The code above will use the "load" string as a flag name to get the file name of a yaml file from the cli.Context. It will then use that file name to initialize the yaml input source for any flags that are defined on that command. As a note the "load" flag used would also have to be defined on the command flags in order for this code snippet to work.

Currently only YAML, JSON, and TOML files are supported but developers can add support for other input sources by implementing the altsrc.InputSourceContext for their given sources.

Here is a more complete sample of a command using YAML support:

package main

import (
    "fmt"
    "os"

    "github.com/urfave/cli/v2"
    "github.com/urfave/cli/v2/altsrc"
)

func main() {
    flags := []cli.Flag{
        altsrc.NewIntFlag(&cli.IntFlag{Name: "test"}),
        &cli.StringFlag{Name: "load"},
    }

    app := &cli.App{
        Action: func(*cli.Context) error {
            fmt.Println("--test value.*default: 0")
            return nil
        },
        Before: altsrc.InitInputSourceWithContext(flags, altsrc.NewYamlSourceFromFlagFunc("load")),
        Flags:  flags,
    }

    app.Run(os.Args)
}

Required Flags

You can make a flag required by setting the Required field to true. If a user does not provide a required flag, they will be shown an error message.

Take for example this app that requires the lang flag:

package main

import (
    "fmt"
    "log"
    "os"

    "github.com/urfave/cli/v2"
)

func main() {
    app := &cli.App{
        Flags: []cli.Flag{
            &cli.StringFlag{
                Name:     "lang",
                Value:    "english",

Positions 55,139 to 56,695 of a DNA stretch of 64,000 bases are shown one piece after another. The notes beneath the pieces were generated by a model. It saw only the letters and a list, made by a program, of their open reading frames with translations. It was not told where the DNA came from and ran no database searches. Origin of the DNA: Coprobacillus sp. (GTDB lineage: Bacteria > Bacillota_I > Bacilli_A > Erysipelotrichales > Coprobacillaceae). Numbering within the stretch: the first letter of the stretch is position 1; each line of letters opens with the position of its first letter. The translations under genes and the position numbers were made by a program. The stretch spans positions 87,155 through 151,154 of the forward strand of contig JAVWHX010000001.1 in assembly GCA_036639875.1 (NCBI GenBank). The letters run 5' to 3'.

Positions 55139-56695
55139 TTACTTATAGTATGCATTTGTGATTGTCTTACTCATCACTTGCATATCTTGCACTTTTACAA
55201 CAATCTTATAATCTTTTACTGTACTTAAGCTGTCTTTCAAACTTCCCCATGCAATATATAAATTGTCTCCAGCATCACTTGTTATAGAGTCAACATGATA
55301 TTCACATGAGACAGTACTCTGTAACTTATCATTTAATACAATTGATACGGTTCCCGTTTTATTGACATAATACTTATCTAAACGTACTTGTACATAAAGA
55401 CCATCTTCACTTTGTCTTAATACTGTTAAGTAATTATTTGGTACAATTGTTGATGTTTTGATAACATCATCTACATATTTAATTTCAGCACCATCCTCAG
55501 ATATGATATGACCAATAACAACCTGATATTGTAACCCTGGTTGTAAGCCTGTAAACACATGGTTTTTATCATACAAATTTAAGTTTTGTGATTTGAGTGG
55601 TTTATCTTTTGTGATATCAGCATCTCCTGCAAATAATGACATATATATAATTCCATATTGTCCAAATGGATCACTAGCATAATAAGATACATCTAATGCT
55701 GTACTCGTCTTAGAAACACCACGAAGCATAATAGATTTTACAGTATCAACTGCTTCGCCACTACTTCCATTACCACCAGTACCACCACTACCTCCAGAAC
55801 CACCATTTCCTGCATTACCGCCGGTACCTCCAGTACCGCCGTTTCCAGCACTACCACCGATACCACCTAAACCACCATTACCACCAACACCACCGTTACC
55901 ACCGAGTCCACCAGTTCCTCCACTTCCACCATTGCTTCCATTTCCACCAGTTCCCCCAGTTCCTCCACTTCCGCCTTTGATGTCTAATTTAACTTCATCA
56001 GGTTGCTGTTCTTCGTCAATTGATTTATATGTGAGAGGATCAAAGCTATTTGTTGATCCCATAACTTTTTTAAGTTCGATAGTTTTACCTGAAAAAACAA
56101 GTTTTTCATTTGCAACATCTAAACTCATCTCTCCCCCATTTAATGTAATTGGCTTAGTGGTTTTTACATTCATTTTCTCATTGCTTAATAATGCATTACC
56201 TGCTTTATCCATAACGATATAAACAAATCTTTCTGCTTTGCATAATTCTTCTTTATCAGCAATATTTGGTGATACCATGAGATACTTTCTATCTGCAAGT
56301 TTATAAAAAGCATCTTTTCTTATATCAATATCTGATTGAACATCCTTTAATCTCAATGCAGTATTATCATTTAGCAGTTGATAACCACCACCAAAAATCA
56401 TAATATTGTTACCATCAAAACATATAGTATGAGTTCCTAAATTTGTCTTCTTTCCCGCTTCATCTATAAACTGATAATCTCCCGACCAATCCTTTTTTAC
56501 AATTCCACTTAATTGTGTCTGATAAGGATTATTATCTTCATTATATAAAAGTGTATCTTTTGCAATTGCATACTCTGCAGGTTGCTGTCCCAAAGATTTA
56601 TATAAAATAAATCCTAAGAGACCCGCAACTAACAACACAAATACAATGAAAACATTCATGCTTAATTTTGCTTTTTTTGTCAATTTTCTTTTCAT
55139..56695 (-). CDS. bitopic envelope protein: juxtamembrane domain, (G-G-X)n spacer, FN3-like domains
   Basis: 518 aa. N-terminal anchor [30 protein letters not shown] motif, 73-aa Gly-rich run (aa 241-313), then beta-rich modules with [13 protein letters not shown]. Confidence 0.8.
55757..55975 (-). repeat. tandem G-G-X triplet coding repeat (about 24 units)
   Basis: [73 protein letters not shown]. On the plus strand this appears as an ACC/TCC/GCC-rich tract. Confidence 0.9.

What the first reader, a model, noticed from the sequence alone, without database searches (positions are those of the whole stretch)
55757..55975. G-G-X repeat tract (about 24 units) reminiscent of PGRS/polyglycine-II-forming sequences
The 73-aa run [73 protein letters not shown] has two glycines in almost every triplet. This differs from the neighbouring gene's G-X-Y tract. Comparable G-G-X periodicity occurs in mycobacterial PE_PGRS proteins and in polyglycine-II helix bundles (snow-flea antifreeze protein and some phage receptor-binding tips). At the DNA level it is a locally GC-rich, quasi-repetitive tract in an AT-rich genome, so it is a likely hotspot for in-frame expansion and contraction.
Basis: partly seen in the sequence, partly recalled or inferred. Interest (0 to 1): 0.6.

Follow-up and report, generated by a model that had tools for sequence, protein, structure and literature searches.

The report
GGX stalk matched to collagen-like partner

Usage:    "language for the greeting",
                Required: true,
            },
        },
        Action: func(cCtx *cli.Context) error {
            output := "Hello"
            if cCtx.String("lang") == "spanish" {
                output = "Hola"
            }
            fmt.Println(output)
            return nil
        },
    }

    if err := app.Run(os.Args); err != nil {
        log.Fatal(err)
    }
}

If the app is run without the lang flag, the user will see the following message

Required flag "lang" not set

Default Values for help output

Sometimes it's useful to specify a flag's default help-text value within the flag declaration. This can be useful if the default value for a flag is a computed value. The default value can be set via the DefaultText struct field.

For example this:

package main

import (
    "log"
    "os"

    "github.com/urfave/cli/v2"
)

func main() {
    app := &cli.App{
        Flags: []cli.Flag{
            &cli.IntFlag{
                Name:        "port",
                Usage:       "Use a randomized port",
                Value:       0,
                DefaultText: "random",
            },
        },
    }

    if err := app.Run(os.Args); err != nil {
        log.Fatal(err)
    }
}

Will result in help output like:

--port value  Use a randomized port (default: random)

Precedence

The precedence for flag value sources is as follows (highest to lowest):

  1. Command line flag value from user
  2. Environment variable (if specified)
  3. Configuration file (if specified)
  4. Default defined on the flag

Flag Actions

Handlers can be registered per flag which are triggered after a flag has been processed. This can be used for a variety of purposes, one of which is flag validation

package main

import (
    "log"
    "os"
    "fmt"

    "github.com/urfave/cli/v2"
)

func main() {
    app := &cli.App{
        Flags: []cli.Flag{
            &cli.IntFlag{
                Name:        "port",
                Usage:       "Use a randomized port",
                Value:       0,
                DefaultText: "random",
                Action: func(ctx *cli.Context, v int) error {
                    if v >= 65536 {
                        return fmt.Errorf("Flag port value %v out of range[0-65535]", v)
                    }
                    return nil
                },
            },
        },
    }

    if err := app.Run(os.Args); err != nil {
        log.Fatal(err)
    }
}

Will result in help output like:

Flag port value 70000 out of range[0-65535]

Last update: October 24, 2022